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AMR Preview: Chrysler 300C SRT-8
    Managing Editor

Is "Badder-Ass" A Word?
So you love the styling of the new Chrysler 300, its retro cues, chiseled proportions and chopped roof are spot on for what you want in a car. However, you're feeling that the 5.7L Hemi - at 340 hp - is just a bit underpowered. What, oh what, shall you ever do? As audacious and hypothetical as this situation sounds, Chrysler has an answer for it in the new 300C SRT-8, a bad-ass 425 hp bruiser.

The newest model out of Chrysler's Street and Racing Technology (SRT) division, the SRT-8 builds on the already sufficient Hemi-powered 300C by adding stiffer suspension tuning, 20-inch chrome wheels, special body work, larger brakes with Brembo calipers and of course, more power. Upping the displacement to 6.1L, increasing the compression ratio, adding higher lift cams and installing larger exhaust headers is just the start to what's been done to this engine. Thanks to these modifications, the SRT-8 pumps out a whopping 425 hp and 420 lb-ft of torque. To put this into perspective, Chrysler's own Viper super car was producing only 25 more hp until 2003, and it had the advantage of two more cylinders and nearly two more liters of displacement. Either way you slice it, 425 hp is a lot for any car, especially a four-door sedan such as the 300. Unfortunately, with all the engine modifications, the SRT-8 lost the use of the multi-displacement system that made the regular 300C relatively green when cruising on the highway. As such, the SRT-8 is not expected to get great gas mileage and will probably fall prey to gas-guzzler tax. That said, if you're looking at this car, you probably aren't too concerned with all of that.

The interior receives a modest treatment, with new backgrounds for the instrument panels and chrome accents throughout. The 300's interior was already a model of excellent fit and finish and upscale textures, so not much really needed to change. However, Chrysler also added suede inserts to the stock 300C seats in order to further differentiate the SRT-8 from its sibling. These upgrades are modest at best though, and your average person would be hard pressed to see much difference between the low-sugar 300C and SRT-8 from the inside. However, to me at least, this car is all about modesty. It doesn't need to scream for attention, but it gets it anyway, whether it's just standing still or smoking a ubiquitous import rocket at the local stoplight while asking for some Grey Poupon. It's simply the kind of car you don't expect to be able to go toe to toe with a Corvette in a straight line. It's a sleeper of the first order, and I love it for that quality.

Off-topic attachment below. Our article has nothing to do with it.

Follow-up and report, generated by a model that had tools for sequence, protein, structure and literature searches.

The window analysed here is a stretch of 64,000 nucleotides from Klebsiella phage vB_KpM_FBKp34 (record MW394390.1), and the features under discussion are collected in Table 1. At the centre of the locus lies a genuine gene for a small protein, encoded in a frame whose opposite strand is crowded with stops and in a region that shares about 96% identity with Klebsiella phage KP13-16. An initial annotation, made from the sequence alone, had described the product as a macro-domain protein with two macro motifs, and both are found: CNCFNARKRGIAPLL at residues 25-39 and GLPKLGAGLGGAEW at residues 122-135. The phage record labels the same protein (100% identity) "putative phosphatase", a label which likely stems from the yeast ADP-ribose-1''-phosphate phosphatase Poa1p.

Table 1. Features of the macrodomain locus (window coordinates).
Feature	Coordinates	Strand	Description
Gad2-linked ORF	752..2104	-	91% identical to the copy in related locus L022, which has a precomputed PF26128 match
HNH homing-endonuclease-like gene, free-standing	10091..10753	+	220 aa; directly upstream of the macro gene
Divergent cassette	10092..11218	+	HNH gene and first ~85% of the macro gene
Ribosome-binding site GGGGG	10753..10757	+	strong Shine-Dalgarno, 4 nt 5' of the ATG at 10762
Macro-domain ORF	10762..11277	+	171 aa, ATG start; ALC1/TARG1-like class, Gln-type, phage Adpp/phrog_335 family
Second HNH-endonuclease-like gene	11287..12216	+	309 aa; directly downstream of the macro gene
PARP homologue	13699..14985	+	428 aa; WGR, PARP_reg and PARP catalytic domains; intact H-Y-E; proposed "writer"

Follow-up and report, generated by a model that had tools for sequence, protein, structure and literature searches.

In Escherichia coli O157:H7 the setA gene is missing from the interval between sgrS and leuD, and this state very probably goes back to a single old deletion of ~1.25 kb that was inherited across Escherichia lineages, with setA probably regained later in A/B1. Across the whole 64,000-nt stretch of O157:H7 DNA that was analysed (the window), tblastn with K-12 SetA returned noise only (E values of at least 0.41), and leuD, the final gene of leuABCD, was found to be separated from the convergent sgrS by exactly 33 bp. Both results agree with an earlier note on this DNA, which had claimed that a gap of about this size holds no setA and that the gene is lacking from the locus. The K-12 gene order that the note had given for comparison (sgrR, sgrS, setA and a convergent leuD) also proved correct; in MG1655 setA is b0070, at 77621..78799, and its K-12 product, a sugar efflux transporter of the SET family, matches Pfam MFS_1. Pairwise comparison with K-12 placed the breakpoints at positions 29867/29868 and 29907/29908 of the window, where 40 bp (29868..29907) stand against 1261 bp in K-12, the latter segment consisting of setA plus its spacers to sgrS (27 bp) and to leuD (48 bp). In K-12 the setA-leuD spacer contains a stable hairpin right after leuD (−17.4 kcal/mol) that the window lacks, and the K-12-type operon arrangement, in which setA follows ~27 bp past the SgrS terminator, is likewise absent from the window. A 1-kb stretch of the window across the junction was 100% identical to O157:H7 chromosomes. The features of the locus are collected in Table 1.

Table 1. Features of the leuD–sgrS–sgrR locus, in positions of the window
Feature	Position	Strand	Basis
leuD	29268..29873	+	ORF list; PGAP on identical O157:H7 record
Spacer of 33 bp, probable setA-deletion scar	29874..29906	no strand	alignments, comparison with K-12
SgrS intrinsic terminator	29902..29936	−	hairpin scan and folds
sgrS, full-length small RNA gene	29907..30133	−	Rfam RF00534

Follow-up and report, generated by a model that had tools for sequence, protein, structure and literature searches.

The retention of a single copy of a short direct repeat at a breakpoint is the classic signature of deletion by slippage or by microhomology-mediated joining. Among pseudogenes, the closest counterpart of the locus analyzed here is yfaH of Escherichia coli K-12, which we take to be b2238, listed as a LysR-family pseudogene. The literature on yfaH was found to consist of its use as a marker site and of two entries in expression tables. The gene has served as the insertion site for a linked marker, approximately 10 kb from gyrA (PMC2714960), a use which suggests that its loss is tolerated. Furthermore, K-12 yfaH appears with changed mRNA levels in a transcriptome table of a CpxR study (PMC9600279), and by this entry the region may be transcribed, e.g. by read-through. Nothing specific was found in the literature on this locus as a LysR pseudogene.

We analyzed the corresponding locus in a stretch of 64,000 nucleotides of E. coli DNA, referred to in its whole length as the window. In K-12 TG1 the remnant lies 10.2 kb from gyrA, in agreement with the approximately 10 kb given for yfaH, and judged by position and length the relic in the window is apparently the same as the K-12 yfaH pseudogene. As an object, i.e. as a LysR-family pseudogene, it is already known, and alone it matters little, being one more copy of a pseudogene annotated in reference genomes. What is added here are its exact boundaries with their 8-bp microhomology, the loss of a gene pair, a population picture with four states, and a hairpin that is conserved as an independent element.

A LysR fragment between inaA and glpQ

Final Review
The only complaint I have about this car is the same one I have for the 300C. Why, oh why, did Chrysler not even entertain the possibility of a manual transmission? While I understand that the majority of buyers in America purchase automatics, one would think Chrysler would stop dancing around Cadillac's CTS-V (Which offers manual transmissions) and go straight for the kill. Either way, the big shocker about the SRT-8 is the other thing it lacks: an outrageous price tag. The SRT-8 comes pretty much loaded for $39,995. That's about half the price of the next BMW M5 and you'd only be coming up 75 horses short, while still managing 0-60 times in the neighborhood of 4.9 seconds. With the SRT-8, Chrysler continues its amazing turnaround and improves upon an already superb domestic offering that could easily be considered one of the most significant cars of this past year.


Nothing Better Stand In Its Way


I love this car. Every time I see one, I think that it will be my next car. AWD, amazing looks, great performance, etc, etc. The SRT-8 just makes it that much better, and the price is great. I love the look of the SRT-8, too. I was worried that it might get overwrought with chrome or other bolt-on pieces, but they kept it simple. If the SRT folks did too much to make the car standout, they would ruin the brute force and intimidation factor of this car. It exudes power from every angle even in non-Hemi form. A small trunk lip, front spoiler, and some ground effects more than do the trick, but the chrome dubs and SRT-8 badge seal the deal. Perhaps Chrysler could have looked to a mesh grille like Caddy did with the CTS-V to make the car stand out even more by being less showy than the regular model, but maybe they thought they'd be seen as following Cadillac.

Tim, I think I know why you can't row your own boat here. Chrysler doesn't have a strong enough manual for this thing. There's no manual in the Crossfire SRT-6 because they had nothing that could handle the power (neither does Mercedes with the AMG version of pretty much any of its cars, mind you). Chrysler does not sell a Hemi anywhere in their lineup with a manual, and it is simply because of this fact. If the 5.7L Hemi has no tranny in the DC parts bin that can handle it, then surely its 6.1L big brother can't be matched to one, either. Still, a boy can dream, can't he?